In part 1, I faced off the search volumes of five versions of the names of the five big European countries. Today, I compared each time four European countries plus the US as far as the Google-popularity of a fifth European country was concerned. I started with the UK:
The UK was most popular in Spain, twice as much as in the US and Italy. France and Germany closed the rankings. My guess would be that this was caused by the larger contingent of British tourists in Spain. Note that I put the US in place of the search-term country. After all, a country name being most popular in its own territory didn't need proving but a comparison with the search patterns in the US could provide a nice study in contrast. Next, France:
France was most popular by far in the UK—a sentiment that was not returned as we saw above... Americans were the least interested in France. All searchers though were most interested in the summer: Tour de France time! Just like with the UK, popularity is generally in decline. Then came Germany:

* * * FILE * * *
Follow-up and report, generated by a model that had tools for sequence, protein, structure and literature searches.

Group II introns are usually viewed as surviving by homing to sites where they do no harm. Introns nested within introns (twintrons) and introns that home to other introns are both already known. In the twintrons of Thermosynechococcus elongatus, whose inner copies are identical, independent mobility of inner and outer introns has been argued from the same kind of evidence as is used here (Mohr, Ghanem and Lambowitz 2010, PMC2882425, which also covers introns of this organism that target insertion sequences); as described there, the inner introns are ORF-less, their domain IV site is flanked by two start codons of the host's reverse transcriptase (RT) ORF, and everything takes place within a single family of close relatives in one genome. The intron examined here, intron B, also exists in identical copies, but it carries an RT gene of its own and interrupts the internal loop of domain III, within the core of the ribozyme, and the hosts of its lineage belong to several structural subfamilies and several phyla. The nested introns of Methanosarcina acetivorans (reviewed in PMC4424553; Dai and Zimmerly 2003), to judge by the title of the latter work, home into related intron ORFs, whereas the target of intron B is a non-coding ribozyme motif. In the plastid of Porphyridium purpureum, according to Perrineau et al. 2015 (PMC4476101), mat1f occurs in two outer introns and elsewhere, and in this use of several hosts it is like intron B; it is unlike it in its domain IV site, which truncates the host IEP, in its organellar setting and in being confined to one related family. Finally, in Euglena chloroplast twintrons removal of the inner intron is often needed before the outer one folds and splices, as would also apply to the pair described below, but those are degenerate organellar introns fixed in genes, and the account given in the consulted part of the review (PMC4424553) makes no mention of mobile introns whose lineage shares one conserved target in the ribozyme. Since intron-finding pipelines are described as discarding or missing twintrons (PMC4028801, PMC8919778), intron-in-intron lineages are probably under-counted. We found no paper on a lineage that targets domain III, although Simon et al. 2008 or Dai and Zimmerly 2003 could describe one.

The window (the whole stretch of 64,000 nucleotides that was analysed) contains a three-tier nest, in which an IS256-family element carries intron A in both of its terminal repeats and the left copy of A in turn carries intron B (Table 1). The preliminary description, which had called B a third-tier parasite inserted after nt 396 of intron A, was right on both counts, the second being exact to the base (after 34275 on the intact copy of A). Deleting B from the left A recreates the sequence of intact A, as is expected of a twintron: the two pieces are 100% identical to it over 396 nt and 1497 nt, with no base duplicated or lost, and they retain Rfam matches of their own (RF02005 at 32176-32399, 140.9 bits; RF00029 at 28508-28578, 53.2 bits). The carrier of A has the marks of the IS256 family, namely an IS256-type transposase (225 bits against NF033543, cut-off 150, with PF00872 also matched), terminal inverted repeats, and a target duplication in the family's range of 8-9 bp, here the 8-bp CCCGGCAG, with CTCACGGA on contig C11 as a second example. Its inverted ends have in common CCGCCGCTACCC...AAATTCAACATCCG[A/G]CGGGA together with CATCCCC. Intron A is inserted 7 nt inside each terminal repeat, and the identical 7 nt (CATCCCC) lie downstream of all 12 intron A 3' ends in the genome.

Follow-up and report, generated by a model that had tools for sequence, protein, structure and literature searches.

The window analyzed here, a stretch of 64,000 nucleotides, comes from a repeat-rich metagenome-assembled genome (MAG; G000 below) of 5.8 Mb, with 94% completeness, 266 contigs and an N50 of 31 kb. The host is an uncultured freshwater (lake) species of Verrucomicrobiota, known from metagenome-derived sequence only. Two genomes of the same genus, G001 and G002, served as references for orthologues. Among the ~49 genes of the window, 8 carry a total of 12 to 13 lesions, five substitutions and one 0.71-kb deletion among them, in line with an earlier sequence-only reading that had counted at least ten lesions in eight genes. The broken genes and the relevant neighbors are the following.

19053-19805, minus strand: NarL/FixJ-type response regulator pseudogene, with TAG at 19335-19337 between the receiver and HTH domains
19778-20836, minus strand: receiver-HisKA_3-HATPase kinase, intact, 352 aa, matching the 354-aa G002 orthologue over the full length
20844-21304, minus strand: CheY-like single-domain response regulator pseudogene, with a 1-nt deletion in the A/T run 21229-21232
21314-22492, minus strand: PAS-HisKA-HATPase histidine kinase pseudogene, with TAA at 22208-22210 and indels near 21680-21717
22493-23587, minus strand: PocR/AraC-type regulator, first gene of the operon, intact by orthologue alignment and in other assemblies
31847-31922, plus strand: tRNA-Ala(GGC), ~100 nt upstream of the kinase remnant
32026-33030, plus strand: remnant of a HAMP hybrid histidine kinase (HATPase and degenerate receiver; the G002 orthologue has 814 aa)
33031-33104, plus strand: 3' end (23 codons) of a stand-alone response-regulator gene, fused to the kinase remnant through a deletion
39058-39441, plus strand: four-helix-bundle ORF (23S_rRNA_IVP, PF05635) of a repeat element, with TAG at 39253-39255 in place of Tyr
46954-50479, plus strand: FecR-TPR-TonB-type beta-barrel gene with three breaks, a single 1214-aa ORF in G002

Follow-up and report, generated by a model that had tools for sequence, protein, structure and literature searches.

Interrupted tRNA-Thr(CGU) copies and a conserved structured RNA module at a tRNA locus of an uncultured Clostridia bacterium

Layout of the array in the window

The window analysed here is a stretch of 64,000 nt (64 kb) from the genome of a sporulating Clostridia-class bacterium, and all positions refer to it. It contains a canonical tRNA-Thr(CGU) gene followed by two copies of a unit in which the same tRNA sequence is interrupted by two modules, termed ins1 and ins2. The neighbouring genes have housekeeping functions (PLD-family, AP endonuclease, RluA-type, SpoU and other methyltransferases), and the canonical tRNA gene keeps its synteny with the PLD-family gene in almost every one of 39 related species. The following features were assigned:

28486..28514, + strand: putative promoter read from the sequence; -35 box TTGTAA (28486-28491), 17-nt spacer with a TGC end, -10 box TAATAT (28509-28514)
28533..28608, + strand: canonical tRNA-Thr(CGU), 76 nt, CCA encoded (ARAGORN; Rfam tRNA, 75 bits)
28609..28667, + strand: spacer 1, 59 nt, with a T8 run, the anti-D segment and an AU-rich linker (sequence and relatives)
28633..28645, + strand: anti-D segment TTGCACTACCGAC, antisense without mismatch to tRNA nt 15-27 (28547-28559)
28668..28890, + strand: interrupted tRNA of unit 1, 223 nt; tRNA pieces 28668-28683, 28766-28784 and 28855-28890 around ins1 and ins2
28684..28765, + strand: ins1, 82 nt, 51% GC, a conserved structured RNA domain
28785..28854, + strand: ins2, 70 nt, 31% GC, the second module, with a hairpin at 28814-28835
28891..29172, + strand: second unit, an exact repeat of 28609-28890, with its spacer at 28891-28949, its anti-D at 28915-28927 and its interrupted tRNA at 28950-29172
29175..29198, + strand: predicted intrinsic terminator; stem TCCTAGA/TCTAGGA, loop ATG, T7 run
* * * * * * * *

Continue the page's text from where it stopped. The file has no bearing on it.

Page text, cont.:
All Europeans were about as much interested in this country, the US lagged a bit behind. Italy narrowly won this one. The 2006 World Cup soccer was again clearly visible, esp. in soccer-crazy Spain and Italy. So, how about Spain?
The interest in this country was staggered perfectly, from the top score in the UK (returning the favor; see above under the UK) to the least interested Italians. Americans came out one step above Italy. I wonder whether the UK trend line showed their vacation season, beginning at Christmas and lasting through the summer. The French and to a lesser extent the Germans also vacation in Spain but mostly in the summer only. Strangely, Americans were less into Spain during the summer... Finally, Italy:
One more time, the Europeans more or less agreed while the US lagged behind some. The summer 2006 peak was caused by the Azurri (Italian national soccer team) winning the World Cup in Germany.
Homophonous phrase of the week
3 hours ago